Articles Posted in Civil Procedure

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The Seventh Circuit denied a “Request for Judicial Notice,” publishing an “explanation in the hope of forestalling other, similar applications, which recently have increased in frequency.” Federal Rule of Evidence 201(b) permits a court to take judicial notice of an adjudicative fact that is “not subject to reasonable dispute” because it is generally known within the trial court’s territorial jurisdiction or can be accurately and readily determined from sources whose accuracy cannot reasonably be questioned. The “Request” asked the court to take judicial notice of four documents. Two are orders entered by a Wisconsin state court, which are public records and appropriate subjects of judicial notice. The third is a power of attorney filed in state court. The fact that a document is in a court’s record does not make it an appropriate subject of notice; its provenance may be disputed. The fourth document is a motion filed in the same state case, which is not evidence of an adjudicative fact. The court further noted that the right place to propose judicial notice, in a court of appeals, is in a brief. When evidence is “not subject to reasonable dispute” there is no need to multiply the paperwork by filing “Requests.” If a brief proposes judicial notice, any objection can be presented in a responsive brief. View "In re: Lisse" on Justia Law

Posted in: Civil Procedure

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The Affordable Care Act’s three premium‐stabilization programs were designed to redistribute money among insurance companies and mitigate each company’s exposure to market risks, 42 U.S.C. 18061–18063. The Department of Health and Human Service (HHS) intended to implement these programs in a budget‐neutral way paying out only the funds that each program had taken in from other insurance companies. Land of Lincoln participated in these premium‐stabilization programs and incurred a debt of roughly $32 million but HHS owed Land of Lincoln over $70 million. HHS was not able to pay what it owed because it was taking in far less money than expected, and it refused to dip into its discretionary funds. Like other insurance companies, Land of Lincoln sought the overdue payments in an unsuccessful suit. Land of Lincoln became insolvent and began liquidation. Despite an Illinois court order, HHS began to offset its overdue payments against Land of Lincoln’s debt, as its own regulations permitted. The Director of the Illinois Department of Insurance, Land of Lincoln’s appointed liquidator, asked the state court for a declaration that HHS violated the order, but HHS removed the motion to federal district court arguing that the federal government was not subject to state court jurisdiction. The district court remanded the case back to state court relying on a narrow reading of 28 U.S.C. 1442, and principles of abstention. The Seventh Circuit reversed on both grounds and remanded to the district court. View "Hammer v. United States Department of Health and Human Services" on Justia Law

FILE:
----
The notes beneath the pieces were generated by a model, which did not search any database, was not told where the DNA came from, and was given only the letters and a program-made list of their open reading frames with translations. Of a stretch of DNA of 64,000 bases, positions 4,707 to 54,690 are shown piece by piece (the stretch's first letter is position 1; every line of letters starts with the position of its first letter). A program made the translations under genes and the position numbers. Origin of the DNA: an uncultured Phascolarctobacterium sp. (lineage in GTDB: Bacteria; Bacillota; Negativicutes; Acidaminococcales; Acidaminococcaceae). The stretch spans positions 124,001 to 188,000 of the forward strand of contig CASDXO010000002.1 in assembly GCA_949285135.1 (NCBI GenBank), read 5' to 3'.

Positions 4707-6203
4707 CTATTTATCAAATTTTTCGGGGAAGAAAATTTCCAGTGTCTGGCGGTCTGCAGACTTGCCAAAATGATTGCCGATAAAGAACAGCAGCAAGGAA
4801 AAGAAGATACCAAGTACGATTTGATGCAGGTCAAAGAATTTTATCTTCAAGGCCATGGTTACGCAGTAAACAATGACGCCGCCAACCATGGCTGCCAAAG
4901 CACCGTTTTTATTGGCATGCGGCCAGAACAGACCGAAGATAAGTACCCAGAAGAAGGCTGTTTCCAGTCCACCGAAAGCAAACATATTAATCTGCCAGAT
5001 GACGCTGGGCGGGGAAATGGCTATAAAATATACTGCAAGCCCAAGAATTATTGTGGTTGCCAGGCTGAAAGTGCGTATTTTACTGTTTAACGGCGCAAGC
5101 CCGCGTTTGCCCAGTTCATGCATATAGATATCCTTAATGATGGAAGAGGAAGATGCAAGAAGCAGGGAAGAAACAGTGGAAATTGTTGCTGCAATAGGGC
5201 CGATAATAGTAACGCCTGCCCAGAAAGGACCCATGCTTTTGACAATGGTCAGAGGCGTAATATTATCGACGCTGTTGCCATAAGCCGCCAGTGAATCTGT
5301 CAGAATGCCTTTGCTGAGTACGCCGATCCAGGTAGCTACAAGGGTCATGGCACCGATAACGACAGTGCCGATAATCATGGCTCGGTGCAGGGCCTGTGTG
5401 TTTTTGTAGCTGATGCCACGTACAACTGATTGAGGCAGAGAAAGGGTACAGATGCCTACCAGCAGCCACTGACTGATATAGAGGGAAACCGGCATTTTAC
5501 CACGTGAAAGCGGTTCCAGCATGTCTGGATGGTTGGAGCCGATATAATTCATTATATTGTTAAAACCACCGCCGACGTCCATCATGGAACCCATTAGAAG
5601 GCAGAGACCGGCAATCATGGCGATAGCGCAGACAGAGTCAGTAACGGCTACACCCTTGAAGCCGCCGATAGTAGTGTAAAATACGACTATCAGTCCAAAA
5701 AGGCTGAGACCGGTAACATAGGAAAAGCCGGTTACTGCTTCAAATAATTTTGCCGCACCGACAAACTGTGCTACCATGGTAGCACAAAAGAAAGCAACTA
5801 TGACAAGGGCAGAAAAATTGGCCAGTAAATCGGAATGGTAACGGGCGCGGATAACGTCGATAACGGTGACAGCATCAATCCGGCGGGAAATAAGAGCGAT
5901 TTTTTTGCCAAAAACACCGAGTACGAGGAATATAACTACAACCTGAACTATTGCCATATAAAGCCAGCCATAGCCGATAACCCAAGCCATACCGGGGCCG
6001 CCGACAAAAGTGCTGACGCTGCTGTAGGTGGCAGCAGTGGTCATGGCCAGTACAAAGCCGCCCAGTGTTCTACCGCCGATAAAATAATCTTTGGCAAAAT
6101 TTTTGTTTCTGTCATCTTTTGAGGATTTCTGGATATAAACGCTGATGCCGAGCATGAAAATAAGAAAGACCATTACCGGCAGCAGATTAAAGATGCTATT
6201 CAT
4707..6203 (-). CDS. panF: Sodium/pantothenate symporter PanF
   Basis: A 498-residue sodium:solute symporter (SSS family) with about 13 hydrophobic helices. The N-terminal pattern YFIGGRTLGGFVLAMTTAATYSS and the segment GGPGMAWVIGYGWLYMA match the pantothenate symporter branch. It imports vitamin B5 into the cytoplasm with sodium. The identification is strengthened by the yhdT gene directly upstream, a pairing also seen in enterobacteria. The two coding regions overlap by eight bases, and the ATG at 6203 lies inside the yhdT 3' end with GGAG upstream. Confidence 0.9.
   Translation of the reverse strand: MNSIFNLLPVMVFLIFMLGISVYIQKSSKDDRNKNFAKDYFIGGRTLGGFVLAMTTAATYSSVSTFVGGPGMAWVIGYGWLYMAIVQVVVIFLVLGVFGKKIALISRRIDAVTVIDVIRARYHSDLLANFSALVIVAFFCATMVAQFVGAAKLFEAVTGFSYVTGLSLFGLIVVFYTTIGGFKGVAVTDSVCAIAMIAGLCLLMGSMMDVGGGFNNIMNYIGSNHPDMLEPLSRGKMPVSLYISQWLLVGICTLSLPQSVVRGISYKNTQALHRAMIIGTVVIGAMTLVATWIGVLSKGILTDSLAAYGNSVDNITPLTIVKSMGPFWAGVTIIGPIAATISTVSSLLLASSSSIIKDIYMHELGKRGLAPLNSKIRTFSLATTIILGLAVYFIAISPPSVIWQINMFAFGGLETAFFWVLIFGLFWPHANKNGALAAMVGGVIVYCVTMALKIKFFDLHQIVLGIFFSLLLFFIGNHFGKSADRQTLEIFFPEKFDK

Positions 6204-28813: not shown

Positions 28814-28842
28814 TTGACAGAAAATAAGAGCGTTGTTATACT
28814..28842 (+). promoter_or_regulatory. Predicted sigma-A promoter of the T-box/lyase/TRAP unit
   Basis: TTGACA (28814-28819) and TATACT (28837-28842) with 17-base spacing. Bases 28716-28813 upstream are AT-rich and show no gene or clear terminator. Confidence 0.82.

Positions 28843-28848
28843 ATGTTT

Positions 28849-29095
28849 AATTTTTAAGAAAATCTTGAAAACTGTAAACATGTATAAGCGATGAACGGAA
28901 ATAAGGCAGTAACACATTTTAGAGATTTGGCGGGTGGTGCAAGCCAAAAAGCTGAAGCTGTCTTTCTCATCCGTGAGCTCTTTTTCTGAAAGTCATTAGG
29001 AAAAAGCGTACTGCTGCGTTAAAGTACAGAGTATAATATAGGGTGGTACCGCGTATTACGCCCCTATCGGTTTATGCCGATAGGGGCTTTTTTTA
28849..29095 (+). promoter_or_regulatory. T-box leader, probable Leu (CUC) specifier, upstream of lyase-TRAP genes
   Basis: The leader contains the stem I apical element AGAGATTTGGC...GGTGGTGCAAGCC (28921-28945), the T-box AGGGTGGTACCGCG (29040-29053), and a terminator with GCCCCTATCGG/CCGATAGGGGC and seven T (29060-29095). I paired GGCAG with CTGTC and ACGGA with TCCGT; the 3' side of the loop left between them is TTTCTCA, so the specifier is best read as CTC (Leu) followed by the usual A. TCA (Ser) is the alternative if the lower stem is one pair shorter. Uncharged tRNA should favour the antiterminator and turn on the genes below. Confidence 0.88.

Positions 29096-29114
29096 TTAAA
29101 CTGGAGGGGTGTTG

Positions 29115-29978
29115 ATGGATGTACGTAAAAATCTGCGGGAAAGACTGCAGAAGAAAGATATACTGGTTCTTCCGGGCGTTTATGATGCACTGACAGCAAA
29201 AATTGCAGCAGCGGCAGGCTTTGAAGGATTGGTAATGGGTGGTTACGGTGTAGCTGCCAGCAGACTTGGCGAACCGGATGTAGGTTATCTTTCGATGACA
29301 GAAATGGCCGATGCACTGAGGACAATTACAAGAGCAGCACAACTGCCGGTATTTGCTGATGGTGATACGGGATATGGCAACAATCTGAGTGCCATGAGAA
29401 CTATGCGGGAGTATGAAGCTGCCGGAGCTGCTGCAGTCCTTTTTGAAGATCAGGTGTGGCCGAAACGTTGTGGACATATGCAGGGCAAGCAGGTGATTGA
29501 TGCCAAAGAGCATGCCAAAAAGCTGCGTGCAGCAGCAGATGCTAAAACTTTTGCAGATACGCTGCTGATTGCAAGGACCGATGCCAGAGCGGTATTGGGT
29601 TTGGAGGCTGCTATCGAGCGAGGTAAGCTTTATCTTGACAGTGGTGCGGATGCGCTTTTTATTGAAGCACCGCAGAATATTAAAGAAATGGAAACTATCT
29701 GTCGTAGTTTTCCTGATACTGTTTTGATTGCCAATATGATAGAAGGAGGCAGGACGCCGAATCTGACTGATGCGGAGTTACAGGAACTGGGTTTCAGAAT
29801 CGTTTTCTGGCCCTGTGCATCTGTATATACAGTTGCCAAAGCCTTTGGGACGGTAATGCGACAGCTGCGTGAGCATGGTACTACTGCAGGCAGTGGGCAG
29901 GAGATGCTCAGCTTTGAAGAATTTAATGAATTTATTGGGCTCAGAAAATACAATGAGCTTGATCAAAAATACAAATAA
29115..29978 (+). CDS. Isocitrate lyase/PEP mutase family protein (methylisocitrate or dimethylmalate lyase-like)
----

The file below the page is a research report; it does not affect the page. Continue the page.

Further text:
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In 2008, Standard sued, on behalf of itself and “all others similarly situated," alleging that was injured when it “purchased several items of steel tubing [at an inflated price] indirectly … for end use," claiming that eight U.S. steel producers colluded to slash output to drive up the price of steel so that plaintiffs overpaid for steel sheets, rods, and tubing. Eight years later, the plaintiffs amended their complaint, asserting that they overpaid for end-use consumer goods, including vehicles, washing machines, and refrigerators, that were manufactured by third parties using steel. The district court dismissed the suit as time-barred because it redefines “steel products” to give rise to an entirely different, and exponentially larger, universe of plaintiffs, and, in the alternative, for not plausibly pleading a causal connection between the alleged antitrust conspiracy and plaintiffs’ own injuries. The Seventh Circuit affirmed. No reasonable defendant, reading the original complaint, would have imagined that plaintiffs were actually suing over the thousands of end-use household and commercial goods manufactured by third parties—a reading so broad that it would make nearly every person in the country a potential class member. The court further noted that it was unclear how to trace the effect of an alleged overcharge on steel through the complex supply and production chains that gave rise to consumer products. View "Supreme Auto Transport, LLC v. Arcelor Mittal USA, Inc." on Justia Law